In reality, the tip of a diamond blade represents less than 10% of all the material used to make it, but arguably is the part of the product that does all of the work. So once this part has been exhausted, what happens to the rest of the blade?

You can bet that the majority goes to landfill.

There was another example of this short-term thinking at a presentation I attended, during which a particular brand launched a new angle-grinder that featured a unique counter-balance attached to it, reducing the vibration of the machine.

It made it safer in use and enabled the abrasives consumed by the tool to last up to 65% longer. It was a fantastic product – one that would have provided long-term benefits to the consumers in our industry – but it wasn’t popular at that event for one reason: distributors felt it would impact the bottom line of their abrasive sales.

While we accept that it is difficult to step away from this way of thinking, it’s certainly not impossible and we are seeing small steps towards better quality standards and sustainability. The new procedure for testing cut resistant gloves is a great example of that.

Too much emphasis goes on the basic cost of a product and the margin that is achievable, this is applicable to manufacturers, distributors, and consumers.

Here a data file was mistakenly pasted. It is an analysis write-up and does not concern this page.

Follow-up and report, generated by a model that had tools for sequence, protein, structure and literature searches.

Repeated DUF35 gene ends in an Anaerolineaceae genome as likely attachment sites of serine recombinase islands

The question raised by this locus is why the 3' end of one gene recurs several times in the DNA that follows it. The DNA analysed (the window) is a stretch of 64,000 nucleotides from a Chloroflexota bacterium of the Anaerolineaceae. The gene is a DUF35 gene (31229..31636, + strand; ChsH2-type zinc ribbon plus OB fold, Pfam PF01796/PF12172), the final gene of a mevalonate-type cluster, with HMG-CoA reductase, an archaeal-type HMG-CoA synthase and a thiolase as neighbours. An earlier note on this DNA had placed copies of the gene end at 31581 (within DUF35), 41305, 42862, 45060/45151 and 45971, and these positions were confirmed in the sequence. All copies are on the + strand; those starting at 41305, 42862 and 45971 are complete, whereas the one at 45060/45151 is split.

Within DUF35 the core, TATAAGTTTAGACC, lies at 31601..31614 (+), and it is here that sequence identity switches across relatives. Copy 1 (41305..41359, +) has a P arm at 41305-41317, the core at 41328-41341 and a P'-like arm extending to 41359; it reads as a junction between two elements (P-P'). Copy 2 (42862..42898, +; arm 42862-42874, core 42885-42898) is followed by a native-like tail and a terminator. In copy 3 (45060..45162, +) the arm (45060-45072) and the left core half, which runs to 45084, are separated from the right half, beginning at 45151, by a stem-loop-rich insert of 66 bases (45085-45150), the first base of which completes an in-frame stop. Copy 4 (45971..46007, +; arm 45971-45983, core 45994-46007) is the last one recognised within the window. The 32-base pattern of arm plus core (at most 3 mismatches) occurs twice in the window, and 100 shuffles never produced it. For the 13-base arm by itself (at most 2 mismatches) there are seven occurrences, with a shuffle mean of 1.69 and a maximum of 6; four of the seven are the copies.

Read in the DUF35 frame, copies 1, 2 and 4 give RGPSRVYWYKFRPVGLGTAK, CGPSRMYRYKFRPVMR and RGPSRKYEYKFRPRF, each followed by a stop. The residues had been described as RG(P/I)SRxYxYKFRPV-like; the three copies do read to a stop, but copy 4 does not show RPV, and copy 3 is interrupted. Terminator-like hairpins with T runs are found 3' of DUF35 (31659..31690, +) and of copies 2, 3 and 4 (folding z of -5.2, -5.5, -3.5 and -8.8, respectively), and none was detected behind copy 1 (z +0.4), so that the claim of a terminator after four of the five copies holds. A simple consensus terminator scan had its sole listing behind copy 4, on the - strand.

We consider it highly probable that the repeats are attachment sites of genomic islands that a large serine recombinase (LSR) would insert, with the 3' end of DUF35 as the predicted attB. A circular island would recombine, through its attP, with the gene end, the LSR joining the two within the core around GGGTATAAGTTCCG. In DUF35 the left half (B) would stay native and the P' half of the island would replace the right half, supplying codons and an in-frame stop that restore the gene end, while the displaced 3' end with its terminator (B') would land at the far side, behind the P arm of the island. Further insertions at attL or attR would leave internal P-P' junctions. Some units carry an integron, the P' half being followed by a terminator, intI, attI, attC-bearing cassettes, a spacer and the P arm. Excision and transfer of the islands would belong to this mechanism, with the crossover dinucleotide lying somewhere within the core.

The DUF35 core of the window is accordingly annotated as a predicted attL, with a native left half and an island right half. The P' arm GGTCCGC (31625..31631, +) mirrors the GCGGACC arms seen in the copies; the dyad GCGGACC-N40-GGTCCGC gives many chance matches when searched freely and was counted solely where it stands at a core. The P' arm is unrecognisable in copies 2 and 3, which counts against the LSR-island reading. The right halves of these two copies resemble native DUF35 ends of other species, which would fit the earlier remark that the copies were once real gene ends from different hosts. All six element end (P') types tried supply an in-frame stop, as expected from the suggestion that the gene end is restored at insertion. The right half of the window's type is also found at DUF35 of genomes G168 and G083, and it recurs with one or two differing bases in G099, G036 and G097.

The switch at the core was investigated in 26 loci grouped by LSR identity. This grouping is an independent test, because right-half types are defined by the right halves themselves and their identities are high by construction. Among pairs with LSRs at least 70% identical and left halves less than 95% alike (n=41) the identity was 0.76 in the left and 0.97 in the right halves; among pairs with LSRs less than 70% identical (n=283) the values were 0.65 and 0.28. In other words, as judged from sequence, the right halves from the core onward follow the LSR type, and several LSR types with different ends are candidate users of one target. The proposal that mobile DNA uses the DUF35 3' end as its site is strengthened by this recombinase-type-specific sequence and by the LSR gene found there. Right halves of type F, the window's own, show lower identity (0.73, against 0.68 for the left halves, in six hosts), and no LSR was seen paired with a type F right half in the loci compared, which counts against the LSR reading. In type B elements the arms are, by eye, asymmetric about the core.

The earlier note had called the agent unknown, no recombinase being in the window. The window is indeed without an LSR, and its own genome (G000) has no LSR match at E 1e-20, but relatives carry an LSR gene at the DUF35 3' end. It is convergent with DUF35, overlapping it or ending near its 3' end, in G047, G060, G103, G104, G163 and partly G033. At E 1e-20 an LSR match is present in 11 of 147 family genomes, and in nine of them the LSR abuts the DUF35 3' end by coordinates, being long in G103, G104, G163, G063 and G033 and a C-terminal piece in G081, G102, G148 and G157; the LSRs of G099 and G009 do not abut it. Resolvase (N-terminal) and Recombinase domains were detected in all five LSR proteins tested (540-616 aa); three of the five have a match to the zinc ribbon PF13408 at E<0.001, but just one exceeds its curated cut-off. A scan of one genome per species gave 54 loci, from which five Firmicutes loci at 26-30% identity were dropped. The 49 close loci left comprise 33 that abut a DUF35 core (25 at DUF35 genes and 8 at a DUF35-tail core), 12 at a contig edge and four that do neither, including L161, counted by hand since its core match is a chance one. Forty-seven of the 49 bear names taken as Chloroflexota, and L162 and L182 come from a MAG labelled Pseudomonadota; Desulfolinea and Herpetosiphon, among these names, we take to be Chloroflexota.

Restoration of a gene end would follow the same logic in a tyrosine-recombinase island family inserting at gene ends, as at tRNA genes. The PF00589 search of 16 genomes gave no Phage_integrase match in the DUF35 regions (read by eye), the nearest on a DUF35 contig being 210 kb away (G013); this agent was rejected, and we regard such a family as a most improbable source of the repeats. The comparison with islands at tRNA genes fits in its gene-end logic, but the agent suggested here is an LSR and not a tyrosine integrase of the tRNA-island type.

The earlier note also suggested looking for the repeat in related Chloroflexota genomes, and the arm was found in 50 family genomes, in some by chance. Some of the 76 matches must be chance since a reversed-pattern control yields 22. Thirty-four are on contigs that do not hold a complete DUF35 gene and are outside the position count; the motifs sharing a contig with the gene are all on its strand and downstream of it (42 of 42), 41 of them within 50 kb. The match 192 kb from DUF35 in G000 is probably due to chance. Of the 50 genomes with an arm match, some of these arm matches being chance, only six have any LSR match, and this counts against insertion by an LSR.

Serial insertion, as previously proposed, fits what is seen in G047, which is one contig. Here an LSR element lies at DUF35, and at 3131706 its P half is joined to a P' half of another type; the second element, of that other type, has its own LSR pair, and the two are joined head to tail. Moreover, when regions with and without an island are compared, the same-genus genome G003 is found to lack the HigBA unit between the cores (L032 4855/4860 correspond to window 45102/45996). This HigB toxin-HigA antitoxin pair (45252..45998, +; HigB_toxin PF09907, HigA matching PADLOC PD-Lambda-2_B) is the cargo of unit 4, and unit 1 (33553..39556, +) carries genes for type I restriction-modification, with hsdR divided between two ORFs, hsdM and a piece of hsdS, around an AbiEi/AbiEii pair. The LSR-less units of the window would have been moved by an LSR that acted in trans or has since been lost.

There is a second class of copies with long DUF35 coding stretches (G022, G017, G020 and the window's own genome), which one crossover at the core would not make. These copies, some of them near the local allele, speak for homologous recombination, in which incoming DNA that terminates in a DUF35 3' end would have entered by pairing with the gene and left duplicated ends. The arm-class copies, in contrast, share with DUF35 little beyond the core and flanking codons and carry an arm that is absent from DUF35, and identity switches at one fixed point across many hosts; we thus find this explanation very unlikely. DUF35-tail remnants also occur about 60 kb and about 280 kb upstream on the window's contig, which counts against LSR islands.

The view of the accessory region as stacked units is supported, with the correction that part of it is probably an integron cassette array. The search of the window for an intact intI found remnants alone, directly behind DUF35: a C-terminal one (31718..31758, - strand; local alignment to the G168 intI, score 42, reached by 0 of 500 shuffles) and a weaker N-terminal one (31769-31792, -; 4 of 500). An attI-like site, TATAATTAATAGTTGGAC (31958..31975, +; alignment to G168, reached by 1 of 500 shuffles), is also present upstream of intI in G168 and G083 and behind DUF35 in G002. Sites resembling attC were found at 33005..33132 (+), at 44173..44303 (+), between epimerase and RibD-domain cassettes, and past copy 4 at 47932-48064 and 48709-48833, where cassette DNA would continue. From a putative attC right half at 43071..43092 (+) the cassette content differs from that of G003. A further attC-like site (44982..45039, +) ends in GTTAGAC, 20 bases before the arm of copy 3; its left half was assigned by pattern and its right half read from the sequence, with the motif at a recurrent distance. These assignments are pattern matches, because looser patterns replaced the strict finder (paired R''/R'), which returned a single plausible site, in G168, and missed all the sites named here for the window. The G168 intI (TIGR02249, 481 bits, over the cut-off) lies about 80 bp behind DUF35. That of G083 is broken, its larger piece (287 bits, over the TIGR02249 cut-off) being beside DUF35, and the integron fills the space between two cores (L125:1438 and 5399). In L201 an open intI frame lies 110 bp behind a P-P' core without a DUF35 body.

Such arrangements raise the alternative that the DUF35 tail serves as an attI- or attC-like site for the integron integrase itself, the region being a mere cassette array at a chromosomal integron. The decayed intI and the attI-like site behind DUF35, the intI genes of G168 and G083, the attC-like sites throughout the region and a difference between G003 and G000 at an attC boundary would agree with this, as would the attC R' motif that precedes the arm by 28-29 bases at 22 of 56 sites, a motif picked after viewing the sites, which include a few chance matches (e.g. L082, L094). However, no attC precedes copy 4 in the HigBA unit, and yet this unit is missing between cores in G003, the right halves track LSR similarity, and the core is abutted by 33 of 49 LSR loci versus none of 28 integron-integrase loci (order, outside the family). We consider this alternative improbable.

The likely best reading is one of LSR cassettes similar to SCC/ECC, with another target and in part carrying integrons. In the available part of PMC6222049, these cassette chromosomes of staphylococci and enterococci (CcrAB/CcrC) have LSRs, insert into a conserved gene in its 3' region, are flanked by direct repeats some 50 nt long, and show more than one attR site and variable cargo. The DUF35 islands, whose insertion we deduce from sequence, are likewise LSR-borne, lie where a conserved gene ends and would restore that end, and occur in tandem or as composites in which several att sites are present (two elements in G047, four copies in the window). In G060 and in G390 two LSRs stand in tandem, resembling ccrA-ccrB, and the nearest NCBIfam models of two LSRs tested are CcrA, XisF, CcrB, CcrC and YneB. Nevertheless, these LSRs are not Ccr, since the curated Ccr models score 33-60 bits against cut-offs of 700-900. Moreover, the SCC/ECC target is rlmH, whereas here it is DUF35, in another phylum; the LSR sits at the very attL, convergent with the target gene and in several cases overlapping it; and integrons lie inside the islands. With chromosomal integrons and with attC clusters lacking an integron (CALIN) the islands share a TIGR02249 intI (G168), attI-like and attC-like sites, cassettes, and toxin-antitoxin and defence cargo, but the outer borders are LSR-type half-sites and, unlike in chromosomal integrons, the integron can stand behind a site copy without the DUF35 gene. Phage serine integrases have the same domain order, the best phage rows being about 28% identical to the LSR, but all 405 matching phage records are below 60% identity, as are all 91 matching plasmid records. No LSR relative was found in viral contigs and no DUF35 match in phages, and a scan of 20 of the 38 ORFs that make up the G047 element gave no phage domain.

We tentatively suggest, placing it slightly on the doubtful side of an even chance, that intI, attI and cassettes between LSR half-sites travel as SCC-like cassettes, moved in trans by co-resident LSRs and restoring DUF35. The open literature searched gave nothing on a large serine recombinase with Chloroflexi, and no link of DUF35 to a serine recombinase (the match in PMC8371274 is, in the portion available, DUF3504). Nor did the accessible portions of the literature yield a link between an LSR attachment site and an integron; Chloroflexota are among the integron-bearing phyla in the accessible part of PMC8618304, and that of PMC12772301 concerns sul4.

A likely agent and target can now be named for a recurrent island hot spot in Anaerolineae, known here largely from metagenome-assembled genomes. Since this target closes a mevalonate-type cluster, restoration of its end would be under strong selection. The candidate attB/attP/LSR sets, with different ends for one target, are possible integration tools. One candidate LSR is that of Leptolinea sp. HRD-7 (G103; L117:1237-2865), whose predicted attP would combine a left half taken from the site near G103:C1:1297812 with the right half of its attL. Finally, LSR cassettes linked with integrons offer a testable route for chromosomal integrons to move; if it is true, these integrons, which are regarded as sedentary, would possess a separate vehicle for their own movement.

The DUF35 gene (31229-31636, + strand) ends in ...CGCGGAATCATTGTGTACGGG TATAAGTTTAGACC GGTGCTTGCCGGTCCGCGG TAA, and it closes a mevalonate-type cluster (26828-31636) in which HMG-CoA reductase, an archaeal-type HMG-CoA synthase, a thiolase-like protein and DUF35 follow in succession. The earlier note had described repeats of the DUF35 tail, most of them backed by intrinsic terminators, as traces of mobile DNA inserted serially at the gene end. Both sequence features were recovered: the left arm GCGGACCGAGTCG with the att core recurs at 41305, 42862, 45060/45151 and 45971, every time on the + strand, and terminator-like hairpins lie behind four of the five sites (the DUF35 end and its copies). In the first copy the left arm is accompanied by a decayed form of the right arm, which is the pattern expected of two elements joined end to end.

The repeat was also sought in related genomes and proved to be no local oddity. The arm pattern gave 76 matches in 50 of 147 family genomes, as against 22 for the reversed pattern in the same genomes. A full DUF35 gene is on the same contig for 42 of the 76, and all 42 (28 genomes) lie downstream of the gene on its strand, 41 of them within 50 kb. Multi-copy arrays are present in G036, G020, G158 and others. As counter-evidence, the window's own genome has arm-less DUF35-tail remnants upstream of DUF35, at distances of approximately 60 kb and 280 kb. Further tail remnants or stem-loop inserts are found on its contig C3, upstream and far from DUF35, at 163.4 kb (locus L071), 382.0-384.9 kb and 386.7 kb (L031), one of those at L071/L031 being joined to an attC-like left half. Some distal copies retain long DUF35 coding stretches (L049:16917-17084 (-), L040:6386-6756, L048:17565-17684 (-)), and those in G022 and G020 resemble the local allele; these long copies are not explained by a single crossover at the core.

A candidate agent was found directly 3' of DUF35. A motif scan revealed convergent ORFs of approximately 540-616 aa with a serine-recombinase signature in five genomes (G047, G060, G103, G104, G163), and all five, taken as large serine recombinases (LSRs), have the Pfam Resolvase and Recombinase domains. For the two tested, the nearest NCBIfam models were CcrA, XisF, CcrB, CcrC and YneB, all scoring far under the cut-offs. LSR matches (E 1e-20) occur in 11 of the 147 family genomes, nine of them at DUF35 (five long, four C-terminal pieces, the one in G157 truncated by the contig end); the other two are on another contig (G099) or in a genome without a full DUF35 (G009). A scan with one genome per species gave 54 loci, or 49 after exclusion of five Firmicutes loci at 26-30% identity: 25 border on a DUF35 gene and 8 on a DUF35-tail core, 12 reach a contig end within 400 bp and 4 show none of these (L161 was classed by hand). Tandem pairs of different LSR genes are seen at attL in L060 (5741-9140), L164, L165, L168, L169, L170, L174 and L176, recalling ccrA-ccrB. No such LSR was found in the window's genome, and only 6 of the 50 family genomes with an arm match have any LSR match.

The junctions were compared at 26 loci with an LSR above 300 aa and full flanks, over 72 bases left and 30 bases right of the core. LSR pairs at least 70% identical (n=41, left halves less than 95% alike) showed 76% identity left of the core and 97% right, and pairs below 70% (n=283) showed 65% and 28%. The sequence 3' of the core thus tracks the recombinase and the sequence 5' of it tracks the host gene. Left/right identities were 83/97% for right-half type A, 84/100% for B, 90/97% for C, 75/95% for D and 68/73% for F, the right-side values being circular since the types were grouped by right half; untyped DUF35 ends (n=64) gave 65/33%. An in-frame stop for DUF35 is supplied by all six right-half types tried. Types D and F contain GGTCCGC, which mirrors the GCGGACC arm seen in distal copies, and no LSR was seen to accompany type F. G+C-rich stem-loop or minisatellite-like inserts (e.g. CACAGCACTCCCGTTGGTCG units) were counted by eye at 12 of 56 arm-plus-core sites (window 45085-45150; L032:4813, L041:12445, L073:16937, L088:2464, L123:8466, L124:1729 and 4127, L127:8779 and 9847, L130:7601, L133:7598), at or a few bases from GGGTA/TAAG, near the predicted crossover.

Instead, a greater effort and change in mindset needs to be made when it comes to looking at what we call the hidden costs – what this is doing to our finite resources, environment, and ultimately the planet as a whole.

The cost of convenient service

Something that has been long established, but is not often considered with regards to environmental sensitivity is stock inventory management or consignment stock systems.

Providing they are well managed and are implemented to include products from within the supply partners’ core competencies, they can be extremely efficient and practical.

A good system should identify core consumable products and place them in the customer’s stores, where they are able to be used at any time of the day… or even night.

A stock reconciliation process should be completed at fixed intervals, often monthly, where all the products used are identified, billed, and replenished in one go – facilitating just one order, one invoice, and one delivery. This type of process eliminates multiple orders and significantly reduces administration costs.

Instead of several vehicles delivering one product frequently, why not have one vehicle delivering multiple products infrequently? We’re all aware of the fact that vehicle emissions are one of the biggest causes of climate change, so why is it not on the construction industry’s radar?

At Protrade, we make a huge effort to consolidate our purchases from suppliers. It reduces interruptions at goods in, allows us to take advantage of any bulk purchase rates, and reduces the number of orders placed, invoices received, and payments that have to be made.